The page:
By Christopher Curry | The Gainesville Sun
County government and the Gainesville-Alachua County Regional Airport Authority might join efforts to bring a business park to east Gainesville.
The plans would involve a joint master plan for 76 acres of the current county fairgrounds property and approximately 40 acres fronting Waldo Road on the adjoining airport property that is known as the "Horseshow" tract.
Both properties have business/industrial zoning designations in place. The Airport Authority also has federal and state grant funding to go toward construction of a new entrance road off Waldo Road that could provide access to both the airport and a future business park.
The Airport Authority has mulled development options for its property for some time. County government for years has had designs on the redevelopment of the existing fairgrounds as a business park and the development of a new fairgrounds on property farther north along Waldo Road near the Leveda Brown Environmental Park & Transfer Station.
A few months back, the county sought to gauge interest from the private sector in a partnership on the redevelopment of the current fairgrounds and development of a new fairgrounds site. There was little interest, and nothing viable emerged.
County and airport staff then started talks on the potential joint venture. "The thought was that marketing and planning both properties together would generate more interest ... maybe we'd be stronger together than apart," Gainesville Regional Airport CEO Allan Penksa said.
The County Commission is scheduled to vote on Tuesday on whether to move forward with development of a joint master plan. The Airport Authority is scheduled to take up the issue on Thursday.
Because the city of Gainesville owns the airport property and the current fairgrounds lies within the city limits, the City Commission also would have to work with the county and Airport Authority on the plans.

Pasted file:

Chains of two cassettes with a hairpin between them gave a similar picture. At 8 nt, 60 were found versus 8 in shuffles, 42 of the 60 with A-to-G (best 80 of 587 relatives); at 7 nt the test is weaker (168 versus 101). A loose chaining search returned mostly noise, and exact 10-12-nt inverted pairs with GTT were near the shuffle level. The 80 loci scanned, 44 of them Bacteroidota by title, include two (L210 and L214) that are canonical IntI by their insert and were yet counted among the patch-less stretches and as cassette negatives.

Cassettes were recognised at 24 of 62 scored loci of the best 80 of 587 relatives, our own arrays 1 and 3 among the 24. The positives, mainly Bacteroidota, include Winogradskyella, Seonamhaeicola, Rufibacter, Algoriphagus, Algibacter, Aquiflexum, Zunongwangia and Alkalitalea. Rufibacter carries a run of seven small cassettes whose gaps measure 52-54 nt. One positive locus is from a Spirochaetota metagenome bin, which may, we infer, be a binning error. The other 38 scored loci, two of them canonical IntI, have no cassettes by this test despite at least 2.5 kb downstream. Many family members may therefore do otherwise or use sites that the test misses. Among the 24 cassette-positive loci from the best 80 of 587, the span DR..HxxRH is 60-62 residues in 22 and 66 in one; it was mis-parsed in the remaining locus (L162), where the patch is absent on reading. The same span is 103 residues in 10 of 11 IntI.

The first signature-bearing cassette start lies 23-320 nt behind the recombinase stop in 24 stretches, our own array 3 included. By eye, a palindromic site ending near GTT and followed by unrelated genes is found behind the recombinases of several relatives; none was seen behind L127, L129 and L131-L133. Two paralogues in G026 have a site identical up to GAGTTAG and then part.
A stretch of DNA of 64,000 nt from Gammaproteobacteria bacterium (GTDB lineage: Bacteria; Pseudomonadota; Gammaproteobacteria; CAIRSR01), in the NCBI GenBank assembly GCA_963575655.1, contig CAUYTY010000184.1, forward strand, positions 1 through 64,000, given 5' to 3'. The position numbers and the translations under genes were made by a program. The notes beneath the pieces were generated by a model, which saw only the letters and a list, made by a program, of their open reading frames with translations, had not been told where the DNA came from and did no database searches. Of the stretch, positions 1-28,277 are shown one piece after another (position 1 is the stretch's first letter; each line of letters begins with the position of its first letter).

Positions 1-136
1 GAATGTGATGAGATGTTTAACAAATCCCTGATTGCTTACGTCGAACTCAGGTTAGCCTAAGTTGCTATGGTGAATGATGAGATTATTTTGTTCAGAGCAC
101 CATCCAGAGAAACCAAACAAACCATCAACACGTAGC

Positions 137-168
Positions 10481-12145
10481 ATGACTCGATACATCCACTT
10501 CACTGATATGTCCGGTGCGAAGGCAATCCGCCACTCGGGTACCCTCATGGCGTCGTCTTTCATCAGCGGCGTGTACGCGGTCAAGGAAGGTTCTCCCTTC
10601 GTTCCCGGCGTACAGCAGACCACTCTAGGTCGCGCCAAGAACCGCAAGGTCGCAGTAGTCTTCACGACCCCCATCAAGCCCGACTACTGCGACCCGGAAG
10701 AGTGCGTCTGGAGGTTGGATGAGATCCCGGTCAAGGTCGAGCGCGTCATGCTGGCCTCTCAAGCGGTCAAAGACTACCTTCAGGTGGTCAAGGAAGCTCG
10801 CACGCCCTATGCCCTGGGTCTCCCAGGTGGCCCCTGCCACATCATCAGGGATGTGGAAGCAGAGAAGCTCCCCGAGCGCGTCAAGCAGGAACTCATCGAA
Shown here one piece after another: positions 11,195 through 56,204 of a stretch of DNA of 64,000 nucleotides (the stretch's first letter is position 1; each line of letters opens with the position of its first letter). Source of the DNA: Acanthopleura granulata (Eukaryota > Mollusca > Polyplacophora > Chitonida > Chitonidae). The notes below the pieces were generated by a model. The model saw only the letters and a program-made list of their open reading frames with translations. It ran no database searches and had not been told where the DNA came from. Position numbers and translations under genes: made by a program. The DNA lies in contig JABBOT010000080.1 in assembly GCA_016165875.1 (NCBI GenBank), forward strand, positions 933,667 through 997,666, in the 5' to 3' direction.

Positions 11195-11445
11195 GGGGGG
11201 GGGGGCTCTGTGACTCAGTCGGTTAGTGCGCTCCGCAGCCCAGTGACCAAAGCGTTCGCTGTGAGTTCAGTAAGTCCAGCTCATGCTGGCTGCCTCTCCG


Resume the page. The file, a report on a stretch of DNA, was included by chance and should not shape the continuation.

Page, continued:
Assistant County Manager Rick Drummond said the county will approach the city about allowing a "general master plan" for the property. This, he said, would not require extensive engineering of the stormwater facilities or an internal road network or detailed lot drawings as part of the master plan.
Drummond said the move could cut the county's costs and accelerate the timetable for marketing the property.
"It would be easier for us to market the property because we could show how different users could plop something down and go straight to the development review process," he said.
Drummond and Penksa said the proposed business park could include corporate offices, manufacturing and industrial uses and, along Waldo Road, retail shops.
Presentations on the general details of the potential joint plan have been made to the City Commission's ad-hoc Eastside and Central City Development Committee and its Economic Development University Community Committee.
City Commissioner Todd Chase, chairman of the economic development committee, said moves such as the rezoning of the airport property to business/industrial designation lay the foundation for future business park plans. Chase said the goal is to bring something "economically viable" to the area but that at this point, the economy might preclude the private sector from making an investment.
Penksa said development of the master plan could have everything set for when the economy recovers enough for private firms to invest monies. Firms could receive tax credits or other incentives because the fairgrounds and the airport are inside a city Community Redevelopment Area and a state Enterprise Zone. Tax refunds for job creation through the state's Qualified Target Industry program are also a possibility.